In the same battle the episode with a German prisoner is strongly anti-German and strongly distasteful. Not because it is a German soldier who is at stake but because similar episodes must have occurred daily on all sides of the front and only a German episode of the type is reported and when something that could be similar on the English side, though we have not followed any English soldier as a prisoner on the German side, which reduces us to an English soldier mistreating a German prisoner, it is presented in such a way that there is an excuse for it. In this present case there is no excuse whatsoever except – though it’s not mentioned – the fear of this German soldier being accused of fraternizing with an English soldier by the Germans who liberated him and took over Charley, and these German soldiers did not make any prisoners, so why did the German ex-prisoner prevented his German “colleagues” from dealing with Charley and submitted him to a very humiliating treatment? Charley’s reaction when the English took over again is absolutely absurd and inhumane. He is a stretcher carrier and as such is not supposed to carry or use arms and yet he takes a bayonet and kills the German ex-prisoner and prisoner again on the spot for the humiliation he submitted him to, a humiliation that saved Charley’s life.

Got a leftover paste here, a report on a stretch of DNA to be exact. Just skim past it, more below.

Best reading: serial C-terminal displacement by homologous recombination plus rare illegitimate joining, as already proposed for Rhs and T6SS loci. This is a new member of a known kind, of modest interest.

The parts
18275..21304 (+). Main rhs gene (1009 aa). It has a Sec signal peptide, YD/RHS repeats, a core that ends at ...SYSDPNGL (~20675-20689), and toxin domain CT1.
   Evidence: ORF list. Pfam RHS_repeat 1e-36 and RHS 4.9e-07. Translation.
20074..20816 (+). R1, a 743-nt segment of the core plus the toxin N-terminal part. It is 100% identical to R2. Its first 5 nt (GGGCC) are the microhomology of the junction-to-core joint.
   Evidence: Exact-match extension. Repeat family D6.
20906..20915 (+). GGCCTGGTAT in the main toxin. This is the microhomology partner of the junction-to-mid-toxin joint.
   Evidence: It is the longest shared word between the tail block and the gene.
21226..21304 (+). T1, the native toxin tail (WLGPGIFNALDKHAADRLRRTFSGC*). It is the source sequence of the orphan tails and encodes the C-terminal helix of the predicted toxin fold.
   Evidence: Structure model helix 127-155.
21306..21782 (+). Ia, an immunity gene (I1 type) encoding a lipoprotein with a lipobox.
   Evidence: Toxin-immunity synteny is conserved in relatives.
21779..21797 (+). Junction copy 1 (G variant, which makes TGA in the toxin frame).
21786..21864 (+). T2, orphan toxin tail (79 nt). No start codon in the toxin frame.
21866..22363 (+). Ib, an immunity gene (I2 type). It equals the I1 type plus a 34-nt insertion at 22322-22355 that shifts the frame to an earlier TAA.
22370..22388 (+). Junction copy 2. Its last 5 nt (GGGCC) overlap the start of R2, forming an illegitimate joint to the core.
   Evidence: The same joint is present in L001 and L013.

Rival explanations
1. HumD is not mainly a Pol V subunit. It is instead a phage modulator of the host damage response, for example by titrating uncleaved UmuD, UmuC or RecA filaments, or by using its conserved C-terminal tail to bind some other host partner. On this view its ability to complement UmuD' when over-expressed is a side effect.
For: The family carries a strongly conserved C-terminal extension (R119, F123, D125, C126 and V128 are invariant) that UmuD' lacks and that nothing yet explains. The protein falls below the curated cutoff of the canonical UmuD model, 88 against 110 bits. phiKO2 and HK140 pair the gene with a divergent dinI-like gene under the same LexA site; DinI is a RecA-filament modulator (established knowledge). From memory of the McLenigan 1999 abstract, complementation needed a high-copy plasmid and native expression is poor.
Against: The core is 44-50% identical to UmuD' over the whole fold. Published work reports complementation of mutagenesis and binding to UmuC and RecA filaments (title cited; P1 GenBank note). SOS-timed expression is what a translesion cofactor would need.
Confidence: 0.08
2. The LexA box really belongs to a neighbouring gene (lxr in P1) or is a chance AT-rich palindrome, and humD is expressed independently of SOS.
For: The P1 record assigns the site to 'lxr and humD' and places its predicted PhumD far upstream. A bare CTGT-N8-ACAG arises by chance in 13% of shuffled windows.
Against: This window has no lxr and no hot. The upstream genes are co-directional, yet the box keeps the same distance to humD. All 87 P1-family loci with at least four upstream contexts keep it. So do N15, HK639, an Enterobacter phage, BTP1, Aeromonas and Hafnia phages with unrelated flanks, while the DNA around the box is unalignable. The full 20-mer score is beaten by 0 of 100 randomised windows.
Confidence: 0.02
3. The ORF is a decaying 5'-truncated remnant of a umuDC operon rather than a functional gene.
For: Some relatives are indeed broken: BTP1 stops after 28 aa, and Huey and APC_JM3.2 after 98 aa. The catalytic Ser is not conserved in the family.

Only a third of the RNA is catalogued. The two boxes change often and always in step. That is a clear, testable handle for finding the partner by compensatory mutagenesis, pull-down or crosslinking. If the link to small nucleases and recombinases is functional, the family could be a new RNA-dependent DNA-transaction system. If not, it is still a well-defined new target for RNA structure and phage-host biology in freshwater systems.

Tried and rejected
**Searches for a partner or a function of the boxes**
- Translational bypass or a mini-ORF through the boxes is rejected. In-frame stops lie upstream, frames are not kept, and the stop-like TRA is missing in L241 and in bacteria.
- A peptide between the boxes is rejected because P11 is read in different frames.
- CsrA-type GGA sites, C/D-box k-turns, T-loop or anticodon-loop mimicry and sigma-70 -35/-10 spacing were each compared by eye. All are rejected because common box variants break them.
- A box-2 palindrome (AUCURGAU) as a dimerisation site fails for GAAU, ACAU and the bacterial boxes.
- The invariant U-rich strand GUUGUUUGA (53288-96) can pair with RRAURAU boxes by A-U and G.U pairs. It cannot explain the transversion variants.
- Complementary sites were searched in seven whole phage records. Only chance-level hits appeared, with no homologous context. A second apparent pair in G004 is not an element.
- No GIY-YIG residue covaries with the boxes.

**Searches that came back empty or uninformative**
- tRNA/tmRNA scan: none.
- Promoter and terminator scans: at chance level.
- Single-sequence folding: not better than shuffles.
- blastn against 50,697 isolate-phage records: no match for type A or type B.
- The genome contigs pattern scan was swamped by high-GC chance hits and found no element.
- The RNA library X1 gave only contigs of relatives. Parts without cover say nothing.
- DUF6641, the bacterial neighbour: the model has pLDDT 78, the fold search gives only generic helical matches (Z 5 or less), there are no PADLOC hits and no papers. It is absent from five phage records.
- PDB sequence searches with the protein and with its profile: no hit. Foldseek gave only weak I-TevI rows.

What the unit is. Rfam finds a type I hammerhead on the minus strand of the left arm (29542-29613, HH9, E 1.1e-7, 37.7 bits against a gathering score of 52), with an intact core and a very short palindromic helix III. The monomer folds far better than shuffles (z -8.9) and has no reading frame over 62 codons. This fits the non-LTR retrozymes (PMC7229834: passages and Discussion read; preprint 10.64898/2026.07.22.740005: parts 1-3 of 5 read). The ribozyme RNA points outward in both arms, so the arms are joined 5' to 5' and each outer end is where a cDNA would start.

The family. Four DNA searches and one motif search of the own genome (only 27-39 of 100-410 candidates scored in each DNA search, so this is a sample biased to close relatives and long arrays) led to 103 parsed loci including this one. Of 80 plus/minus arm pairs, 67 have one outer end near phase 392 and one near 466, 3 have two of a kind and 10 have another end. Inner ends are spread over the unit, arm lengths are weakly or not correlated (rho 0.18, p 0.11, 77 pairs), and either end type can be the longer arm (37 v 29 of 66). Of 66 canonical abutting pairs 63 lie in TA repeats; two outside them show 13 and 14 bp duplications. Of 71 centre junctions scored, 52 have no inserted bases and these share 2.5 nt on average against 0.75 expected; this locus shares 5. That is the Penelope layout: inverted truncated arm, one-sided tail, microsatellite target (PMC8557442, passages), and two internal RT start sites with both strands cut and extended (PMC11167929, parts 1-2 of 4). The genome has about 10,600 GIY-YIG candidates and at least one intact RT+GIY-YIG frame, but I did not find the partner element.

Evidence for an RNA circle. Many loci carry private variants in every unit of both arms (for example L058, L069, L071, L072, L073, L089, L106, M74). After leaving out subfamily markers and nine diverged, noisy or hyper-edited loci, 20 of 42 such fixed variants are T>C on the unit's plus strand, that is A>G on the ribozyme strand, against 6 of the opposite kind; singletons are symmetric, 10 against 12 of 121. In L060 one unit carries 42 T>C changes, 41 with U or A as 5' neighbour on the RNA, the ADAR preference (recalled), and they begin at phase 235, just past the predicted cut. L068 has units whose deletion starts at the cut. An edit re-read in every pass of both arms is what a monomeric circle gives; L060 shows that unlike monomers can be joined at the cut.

By the way in 1982, Fred Green is looking for Charley (whose proper name he cannot yet remember) as being a member of “a Cockney regiment” but we have never been given anything like the real cockney dialect.

The episode on the battle of Cambrai in which an important formation of tanks actually break through the German lines and come to the very outskirts of Cambrai after an important advance, states the battle is lost because the cavalry arrives and pretends to have orders from higher up command not to go after the Germans who are routed. That is in November 1917 when the Russian front has been liberated of its war duties due to the stepping out of the war by Lenin. You can imagine the reinforcements that are arriving from the Eastern front